7. NOT EVERYONE WAS HAPPY ABOUT THE CHANGE.

On then-CEO David Kirchhoff’s blog, posters complained that the new system upended their comfort level with what had come before. “I hate it,” one member wrote. “I hate learning the new points and losing all my foods that I’ve put in over the last three years. I’m completely annoyed that microwave popcorn is three points now!!!!”   

8. THE SERVICE MIGHT COST YOU $75 A POUND.

Judit Klein, Flickr // CC BY-ND 2.0

Duke-National University of Singapore did a little number-crunching in 2014 and discovered that, with an average of $377 in annual membership fees and roughly five pounds lost per year, Weight Watchers costs members about $75 for every disappearing pound. But it’s still a much cheaper alternative than Jenny Craig, which requests members buy the company's own food at a cost of roughly $2,500 per year. At an average 16 pounds lost, that's roughly double the cost.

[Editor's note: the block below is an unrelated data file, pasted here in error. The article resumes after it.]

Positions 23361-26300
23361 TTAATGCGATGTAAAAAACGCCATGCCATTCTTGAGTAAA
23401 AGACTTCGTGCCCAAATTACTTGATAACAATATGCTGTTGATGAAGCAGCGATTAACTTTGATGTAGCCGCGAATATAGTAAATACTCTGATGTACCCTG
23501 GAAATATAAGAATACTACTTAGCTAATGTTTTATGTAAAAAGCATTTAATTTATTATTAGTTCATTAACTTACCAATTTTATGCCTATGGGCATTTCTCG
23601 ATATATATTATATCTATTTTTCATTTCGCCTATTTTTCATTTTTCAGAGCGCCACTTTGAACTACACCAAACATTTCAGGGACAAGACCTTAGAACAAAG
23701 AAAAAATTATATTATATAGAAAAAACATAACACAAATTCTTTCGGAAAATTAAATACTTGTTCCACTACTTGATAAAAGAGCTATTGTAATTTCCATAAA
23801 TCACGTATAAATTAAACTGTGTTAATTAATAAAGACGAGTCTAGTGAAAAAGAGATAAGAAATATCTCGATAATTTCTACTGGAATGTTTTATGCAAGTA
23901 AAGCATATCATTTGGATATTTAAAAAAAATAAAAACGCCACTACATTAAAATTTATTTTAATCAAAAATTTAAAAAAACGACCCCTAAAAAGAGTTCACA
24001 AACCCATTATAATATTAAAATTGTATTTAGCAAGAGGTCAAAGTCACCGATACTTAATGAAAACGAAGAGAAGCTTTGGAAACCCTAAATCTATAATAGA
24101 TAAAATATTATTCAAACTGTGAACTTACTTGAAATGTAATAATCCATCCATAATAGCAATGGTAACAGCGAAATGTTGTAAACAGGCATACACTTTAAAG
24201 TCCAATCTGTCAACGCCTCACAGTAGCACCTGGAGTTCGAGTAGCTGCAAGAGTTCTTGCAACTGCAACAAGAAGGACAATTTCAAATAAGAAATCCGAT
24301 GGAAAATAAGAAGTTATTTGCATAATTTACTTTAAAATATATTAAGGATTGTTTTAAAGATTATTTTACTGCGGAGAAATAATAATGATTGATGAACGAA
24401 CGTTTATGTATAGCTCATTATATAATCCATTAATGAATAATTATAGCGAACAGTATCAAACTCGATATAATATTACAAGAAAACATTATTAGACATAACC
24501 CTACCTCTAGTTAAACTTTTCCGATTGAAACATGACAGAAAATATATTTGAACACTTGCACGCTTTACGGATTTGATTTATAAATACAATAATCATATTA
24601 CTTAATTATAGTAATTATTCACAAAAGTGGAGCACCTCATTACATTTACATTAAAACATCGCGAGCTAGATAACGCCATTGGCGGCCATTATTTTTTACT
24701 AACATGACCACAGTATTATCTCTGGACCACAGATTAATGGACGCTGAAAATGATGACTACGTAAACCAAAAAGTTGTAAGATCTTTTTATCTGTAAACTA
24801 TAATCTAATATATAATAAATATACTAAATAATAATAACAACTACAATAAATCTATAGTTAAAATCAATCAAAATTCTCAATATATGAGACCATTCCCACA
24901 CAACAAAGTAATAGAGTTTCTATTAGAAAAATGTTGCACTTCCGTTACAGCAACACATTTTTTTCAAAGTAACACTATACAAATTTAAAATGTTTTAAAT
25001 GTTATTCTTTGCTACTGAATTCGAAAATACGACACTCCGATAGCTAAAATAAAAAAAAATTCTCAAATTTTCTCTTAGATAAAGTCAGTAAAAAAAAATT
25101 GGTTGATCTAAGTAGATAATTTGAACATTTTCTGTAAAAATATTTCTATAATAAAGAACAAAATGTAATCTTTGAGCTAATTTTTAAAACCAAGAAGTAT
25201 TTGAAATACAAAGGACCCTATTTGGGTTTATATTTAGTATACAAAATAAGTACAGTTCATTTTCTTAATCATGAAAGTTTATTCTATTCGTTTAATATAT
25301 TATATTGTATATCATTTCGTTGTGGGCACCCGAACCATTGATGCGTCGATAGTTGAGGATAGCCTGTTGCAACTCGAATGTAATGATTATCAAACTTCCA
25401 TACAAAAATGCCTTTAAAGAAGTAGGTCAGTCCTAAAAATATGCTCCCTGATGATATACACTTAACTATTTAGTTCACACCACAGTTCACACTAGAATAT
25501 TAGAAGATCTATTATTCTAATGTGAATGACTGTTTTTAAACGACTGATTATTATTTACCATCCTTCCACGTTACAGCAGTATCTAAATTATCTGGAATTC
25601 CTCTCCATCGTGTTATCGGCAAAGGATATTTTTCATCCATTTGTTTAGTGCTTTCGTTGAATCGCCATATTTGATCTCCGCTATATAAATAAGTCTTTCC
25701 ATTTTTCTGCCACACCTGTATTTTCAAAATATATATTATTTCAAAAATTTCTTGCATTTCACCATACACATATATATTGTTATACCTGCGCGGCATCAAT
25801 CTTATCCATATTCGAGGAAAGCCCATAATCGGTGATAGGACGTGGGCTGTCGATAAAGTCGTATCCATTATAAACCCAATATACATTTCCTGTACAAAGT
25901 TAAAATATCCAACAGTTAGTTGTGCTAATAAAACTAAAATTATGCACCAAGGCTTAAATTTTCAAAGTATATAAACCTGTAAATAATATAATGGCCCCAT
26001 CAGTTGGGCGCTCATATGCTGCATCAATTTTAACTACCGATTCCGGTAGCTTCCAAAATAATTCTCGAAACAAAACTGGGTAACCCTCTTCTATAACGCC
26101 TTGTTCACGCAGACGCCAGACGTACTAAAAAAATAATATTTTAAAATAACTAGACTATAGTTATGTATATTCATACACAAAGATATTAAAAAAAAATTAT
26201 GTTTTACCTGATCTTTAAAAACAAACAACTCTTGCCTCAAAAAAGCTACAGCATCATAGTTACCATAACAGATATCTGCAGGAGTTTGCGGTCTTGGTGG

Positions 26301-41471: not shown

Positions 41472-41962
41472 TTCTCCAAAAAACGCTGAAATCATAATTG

9. THEY DON’T THINK YOU’LL ABUSE YOUR FREE FRUIT PRIVILEGES.

Under the PointsPlus system, members get a free pass with fruits and vegetables: they equate to zero points. While some dieticians and nutritionists argue that eating too much fruit could literally tip the scales, Kirchhoff explained that "There’s so little evidence that people abuse fruit. It takes a while to eat. It’s filling. Could you eat 12 bananas and count it as zero points? Yes. But how would you feel afterward?"

10. CHARLES BARKLEY WAS CAUGHT DISSING THEM.

One of many celebrity endorsers, Charles Barkley (a.k.a. “The Round Mound of Rebound”) became a spokesman in 2011. According to the New York Daily News, he was announcing an NBA game in January 2012 and—not realizing his microphone was still live—declared his deal with Weight Watchers to be a “scam.” He was apparently referring to getting paid to lose weight, not the program itself; the company later said in a statement they “love Charles … he’s unfiltered.”